Indian driver detained in Saudi Arabia for seeking help online | india | Hindustan Times
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Indian driver detained in Saudi Arabia for seeking help online

An Indian worker from Karnataka was detained twice by Saudi Arabia after he sent a video to a social activist and sought help for leaving the country due to harsh working conditions.

india Updated: Mar 22, 2016 09:32 IST
HT Correspondent
Abdul Sattar Makandar, 35, was detained on March 15 and again on March 18
Abdul Sattar Makandar, 35, was detained on March 15 and again on March 18(Screengrab)

An Indian worker from Karnataka was detained twice by Saudi Arabia after he sent a video to a social activist and sought help for leaving the country due to harsh working conditions, BBC Trending reported on Saturday.

Abdul Sattar Makandar, 35, was detained on March 15 and again on March 18 under a Saudi law that punishes misrepresentation of facts.

“I’ve been working in Saudi Arabia as a driver,” an emotional Makandar said in the video.

It was posted on Facebook — and later on YouTube — by Kundan Srivastava, the social activist.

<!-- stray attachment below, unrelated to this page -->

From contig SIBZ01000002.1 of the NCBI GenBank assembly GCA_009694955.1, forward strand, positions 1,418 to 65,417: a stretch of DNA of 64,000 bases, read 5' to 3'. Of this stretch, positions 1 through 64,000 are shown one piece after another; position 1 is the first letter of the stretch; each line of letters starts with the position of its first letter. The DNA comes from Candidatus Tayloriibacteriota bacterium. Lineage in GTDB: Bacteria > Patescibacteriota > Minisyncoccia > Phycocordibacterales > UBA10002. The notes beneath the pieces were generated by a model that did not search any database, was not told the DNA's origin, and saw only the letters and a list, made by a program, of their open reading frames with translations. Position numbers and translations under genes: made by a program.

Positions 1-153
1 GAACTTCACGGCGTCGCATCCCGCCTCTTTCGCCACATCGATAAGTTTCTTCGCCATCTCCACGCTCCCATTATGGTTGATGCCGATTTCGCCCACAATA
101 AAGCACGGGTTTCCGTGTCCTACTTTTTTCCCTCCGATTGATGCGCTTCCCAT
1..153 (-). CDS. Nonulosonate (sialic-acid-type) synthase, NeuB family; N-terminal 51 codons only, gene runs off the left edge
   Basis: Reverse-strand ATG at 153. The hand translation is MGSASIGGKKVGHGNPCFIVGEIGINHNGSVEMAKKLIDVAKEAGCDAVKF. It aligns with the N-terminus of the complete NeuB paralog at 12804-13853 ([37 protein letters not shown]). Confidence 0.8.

“I put in my papers for a leave five months back but they won’t let me go,” Makandar said.

According to Saudi law, an employee cannot leave the country until the employer approves the leave, BBC Trending reported.

Makandar, who has been working as a truck driver for the Al Suroor United Group, said he did not receive salary for three months and the company fraudulently made him a sign a document that enables them to cut 100 riyals from his pay.

The company denied the charges by posting an image of Makandar thanking the company for helping him get an engineering qualification.

File photo of Makandar thanking the company for helping him get an engineering qualification. (Picture courtesy: Facebook/Al Suroor United Group)

The group has since posted images of several migrant workers thanking the company for improving their lives.

Makandar was hired two years ago through an Indian recruitment agency, Discomb Gulf Travels, The News Minute said.

Managing director of Discom, Riyaz Batey, told BBC Trending they were not aware of the worker’s plight until the video appeared online.

While the video was taken down by the social activist after Makandar’s arrest, it has garnered over 58,000 views on YouTube so far.

Saudi Arabia has been criticised for human rights violations and difficult working conditions for migrant workers.

In December, three workers from Kerala’s Alappuzha district returned to India after they were allegedly tortured by their employer in Saudi Arabia.